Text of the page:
Upper GI Pharmacology Flashcards Preview

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Flashcards in Upper GI Pharmacology Deck (20):
1

Octreotide is a _________________.

longer-acting analogue of somatostatin

2

Give the mnemonics for CYP inducers and inhibitors.

Inducers: chronic alcoholics steal phen phen and never refuse greasy carbs
- chronic alcoholism
- St. John's wort
- Phenytoin
- Phenobarbital
- Nevirapine
- Rifampin
- Griseofulvin
- Carbamazepine

Inhibitors: AAA racks in GQ magazines
- acute alcohol abuse
- ritonaivr
- amiodarone
- cimetidine
- ketoconazole
- sulfonamides
- isoniazide
- grapefruit juice
- quinolones
- macrolides (except azithromycin)

3

The mechanism of this drug is blocking H2 receptors to block the production of gastric acid.

Cimetidine, famotidine, and ranitidine

4

How do proton-pump inhibitors work?

They get molecularly trapped inside the canaliculi of parietal cells and irreversibly inhibit the H+/K+-ATPase exchanger. Importantly, they only inhibit active pumps.

5

Which drug works faster in PUD, PPIs or H2 antagonists?

PPIs; H2 antagonists work faster in acute gastritis, however.

6

The H2 receptors are on the ____________ membrane of parietal cells.

basolateral (meaning the side that faces the blood)

7

How does sucralfate work?

It is a sulfated disaccharide aluminum that binds to necrotic stomach tissue and forms a protective barrier.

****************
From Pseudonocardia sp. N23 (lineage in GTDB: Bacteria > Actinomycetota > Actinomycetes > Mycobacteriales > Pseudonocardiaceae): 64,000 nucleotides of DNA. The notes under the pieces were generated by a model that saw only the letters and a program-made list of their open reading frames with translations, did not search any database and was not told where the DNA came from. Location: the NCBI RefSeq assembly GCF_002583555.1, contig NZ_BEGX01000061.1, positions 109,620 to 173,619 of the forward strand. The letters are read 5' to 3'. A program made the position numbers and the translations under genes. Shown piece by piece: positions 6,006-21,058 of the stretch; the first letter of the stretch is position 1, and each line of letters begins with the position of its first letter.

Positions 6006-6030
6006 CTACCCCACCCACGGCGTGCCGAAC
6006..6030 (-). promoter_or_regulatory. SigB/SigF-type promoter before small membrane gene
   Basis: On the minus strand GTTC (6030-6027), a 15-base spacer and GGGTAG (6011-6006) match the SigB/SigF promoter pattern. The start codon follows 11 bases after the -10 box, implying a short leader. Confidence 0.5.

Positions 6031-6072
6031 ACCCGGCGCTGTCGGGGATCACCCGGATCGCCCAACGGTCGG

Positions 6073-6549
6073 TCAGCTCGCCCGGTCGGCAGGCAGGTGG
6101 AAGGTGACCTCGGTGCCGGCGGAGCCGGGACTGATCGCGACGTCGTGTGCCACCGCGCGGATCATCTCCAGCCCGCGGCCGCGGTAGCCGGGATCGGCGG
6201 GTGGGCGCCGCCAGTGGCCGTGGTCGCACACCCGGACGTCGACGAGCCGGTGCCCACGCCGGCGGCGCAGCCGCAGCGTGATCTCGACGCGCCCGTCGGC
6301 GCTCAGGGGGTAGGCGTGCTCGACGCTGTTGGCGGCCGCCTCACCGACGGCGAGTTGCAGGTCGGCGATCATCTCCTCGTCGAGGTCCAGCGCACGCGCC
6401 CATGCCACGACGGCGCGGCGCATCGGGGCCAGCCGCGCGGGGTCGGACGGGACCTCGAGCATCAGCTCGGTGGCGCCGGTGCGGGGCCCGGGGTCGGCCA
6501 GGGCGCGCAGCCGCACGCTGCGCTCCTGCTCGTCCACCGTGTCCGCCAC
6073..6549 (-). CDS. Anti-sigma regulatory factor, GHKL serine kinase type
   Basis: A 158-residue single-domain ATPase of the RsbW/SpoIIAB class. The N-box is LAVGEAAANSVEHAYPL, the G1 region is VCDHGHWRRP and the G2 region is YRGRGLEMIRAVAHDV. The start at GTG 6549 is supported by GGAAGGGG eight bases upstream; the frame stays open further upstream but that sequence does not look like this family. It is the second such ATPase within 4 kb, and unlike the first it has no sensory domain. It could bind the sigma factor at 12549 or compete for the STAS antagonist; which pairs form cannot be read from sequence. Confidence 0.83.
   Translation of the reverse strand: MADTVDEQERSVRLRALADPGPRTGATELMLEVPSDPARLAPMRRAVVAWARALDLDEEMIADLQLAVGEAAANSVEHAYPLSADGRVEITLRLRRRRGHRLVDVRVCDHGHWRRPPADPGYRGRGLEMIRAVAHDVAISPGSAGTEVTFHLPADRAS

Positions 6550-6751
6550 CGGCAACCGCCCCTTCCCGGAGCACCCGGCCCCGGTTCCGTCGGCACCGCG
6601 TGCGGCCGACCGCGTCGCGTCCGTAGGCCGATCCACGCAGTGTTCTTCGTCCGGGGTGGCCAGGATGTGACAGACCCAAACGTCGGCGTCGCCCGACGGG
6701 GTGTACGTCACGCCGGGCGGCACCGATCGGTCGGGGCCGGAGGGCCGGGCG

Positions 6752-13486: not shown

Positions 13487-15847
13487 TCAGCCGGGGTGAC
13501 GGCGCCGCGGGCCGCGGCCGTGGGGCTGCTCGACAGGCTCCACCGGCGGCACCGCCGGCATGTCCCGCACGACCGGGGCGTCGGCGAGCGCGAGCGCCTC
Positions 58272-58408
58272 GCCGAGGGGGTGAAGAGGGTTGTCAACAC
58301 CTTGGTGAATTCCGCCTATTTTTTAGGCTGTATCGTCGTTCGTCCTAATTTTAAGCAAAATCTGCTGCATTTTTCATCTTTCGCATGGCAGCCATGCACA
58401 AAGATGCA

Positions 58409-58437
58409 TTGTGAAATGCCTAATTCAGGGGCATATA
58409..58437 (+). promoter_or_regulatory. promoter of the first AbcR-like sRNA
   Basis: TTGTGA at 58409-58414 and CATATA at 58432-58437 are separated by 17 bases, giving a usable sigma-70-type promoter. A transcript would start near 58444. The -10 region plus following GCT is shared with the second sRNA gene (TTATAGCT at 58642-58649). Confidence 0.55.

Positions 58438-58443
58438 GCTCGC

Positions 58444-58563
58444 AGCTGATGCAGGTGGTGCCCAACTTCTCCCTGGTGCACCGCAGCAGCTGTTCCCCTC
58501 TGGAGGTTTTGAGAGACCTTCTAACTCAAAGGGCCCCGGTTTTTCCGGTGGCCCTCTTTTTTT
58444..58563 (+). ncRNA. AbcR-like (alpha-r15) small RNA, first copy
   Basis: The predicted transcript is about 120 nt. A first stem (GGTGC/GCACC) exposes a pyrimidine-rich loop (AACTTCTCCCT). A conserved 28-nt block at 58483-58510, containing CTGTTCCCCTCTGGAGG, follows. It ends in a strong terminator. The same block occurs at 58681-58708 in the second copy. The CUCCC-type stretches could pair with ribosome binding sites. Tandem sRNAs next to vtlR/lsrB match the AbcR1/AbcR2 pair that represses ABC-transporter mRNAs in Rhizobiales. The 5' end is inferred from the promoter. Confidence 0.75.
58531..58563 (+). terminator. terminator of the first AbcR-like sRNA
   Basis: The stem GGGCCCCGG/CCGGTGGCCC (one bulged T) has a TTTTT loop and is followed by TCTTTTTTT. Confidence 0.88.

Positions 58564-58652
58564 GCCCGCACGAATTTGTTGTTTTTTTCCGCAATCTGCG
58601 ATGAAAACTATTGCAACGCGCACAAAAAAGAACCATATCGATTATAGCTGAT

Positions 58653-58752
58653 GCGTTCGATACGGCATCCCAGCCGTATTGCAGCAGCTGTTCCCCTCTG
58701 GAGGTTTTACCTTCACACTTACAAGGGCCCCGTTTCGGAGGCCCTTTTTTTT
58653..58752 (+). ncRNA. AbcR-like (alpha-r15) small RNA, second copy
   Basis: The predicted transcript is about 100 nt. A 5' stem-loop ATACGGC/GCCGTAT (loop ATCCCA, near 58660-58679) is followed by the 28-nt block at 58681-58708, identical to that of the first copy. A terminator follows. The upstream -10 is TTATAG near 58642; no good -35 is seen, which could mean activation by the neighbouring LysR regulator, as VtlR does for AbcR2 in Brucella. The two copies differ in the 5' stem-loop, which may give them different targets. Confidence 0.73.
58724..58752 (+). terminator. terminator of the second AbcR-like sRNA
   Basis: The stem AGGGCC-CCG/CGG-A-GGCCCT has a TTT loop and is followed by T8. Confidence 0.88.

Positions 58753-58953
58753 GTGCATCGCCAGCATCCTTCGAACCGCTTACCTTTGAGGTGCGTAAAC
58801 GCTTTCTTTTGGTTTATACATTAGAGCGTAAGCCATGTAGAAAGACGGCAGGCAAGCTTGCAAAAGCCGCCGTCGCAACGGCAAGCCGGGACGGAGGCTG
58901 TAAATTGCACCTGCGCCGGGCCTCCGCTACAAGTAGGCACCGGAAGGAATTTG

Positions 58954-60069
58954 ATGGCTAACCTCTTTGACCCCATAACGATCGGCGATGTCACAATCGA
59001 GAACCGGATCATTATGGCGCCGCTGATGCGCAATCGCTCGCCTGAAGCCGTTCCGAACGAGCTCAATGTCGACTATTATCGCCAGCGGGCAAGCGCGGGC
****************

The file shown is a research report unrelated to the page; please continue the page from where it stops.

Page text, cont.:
8

Why is sodium bicarbonate often avoided?

Because it is readily absorbed and can cause volume overload.

9

Antacids must be taken _____________.

every two hours to be effective

10

Antacids only need to raise the gastric pH to above ____ to be effective.

4

11

What are the triple and quadruple therapies?

Triple: clarithromycin, amoxicillin, and PPI/H2ant

Quadruple: tetracycline, metronidazole, bismuth, and PPI/H2ant

12

Consider dosage adjustment of __________ in patients with hepatic failure.

PPIs

13

Which drug can produce a hyper-gastrin state?

PPIs – leading to rebound acidity if stopped abruptly

14

Which drug is better at blocking nocturnal acid secretion?

H2 antagonists – this is crucial for duodenal ulcer healing

15

What other drug's absorption can be impacted by increased gastric pH?

Ketoconazole (it requires a low pH to be absorbed)

16

What drug stimulates the release of acetylcholine by PNS neurons onto smooth muscle by antagonizing dopamine, thus acting as an pro-kinetic agent?

Metoclopramide

17

True or false: stimulation of M3 receptors leads to peristalsis.

False. Stimulating the muscarinic receptors (say, with bethanechol) leads to uncoordinated contraction.

18

The best treatment for NSAID-induced ulcers is ________________.

(1) stop taking the NSAID
(2) PPI

19

Adjust the dosage of H2 inhibitors in _________________.

the elderly with renal impairments

20

What side effect do the drugs that directly stimulate acetylcholine release have?

Prolonged QT (this is tegaserod and cisapride)

Decks in Digestive, Endocrine, and Metabolic Systems Class (133):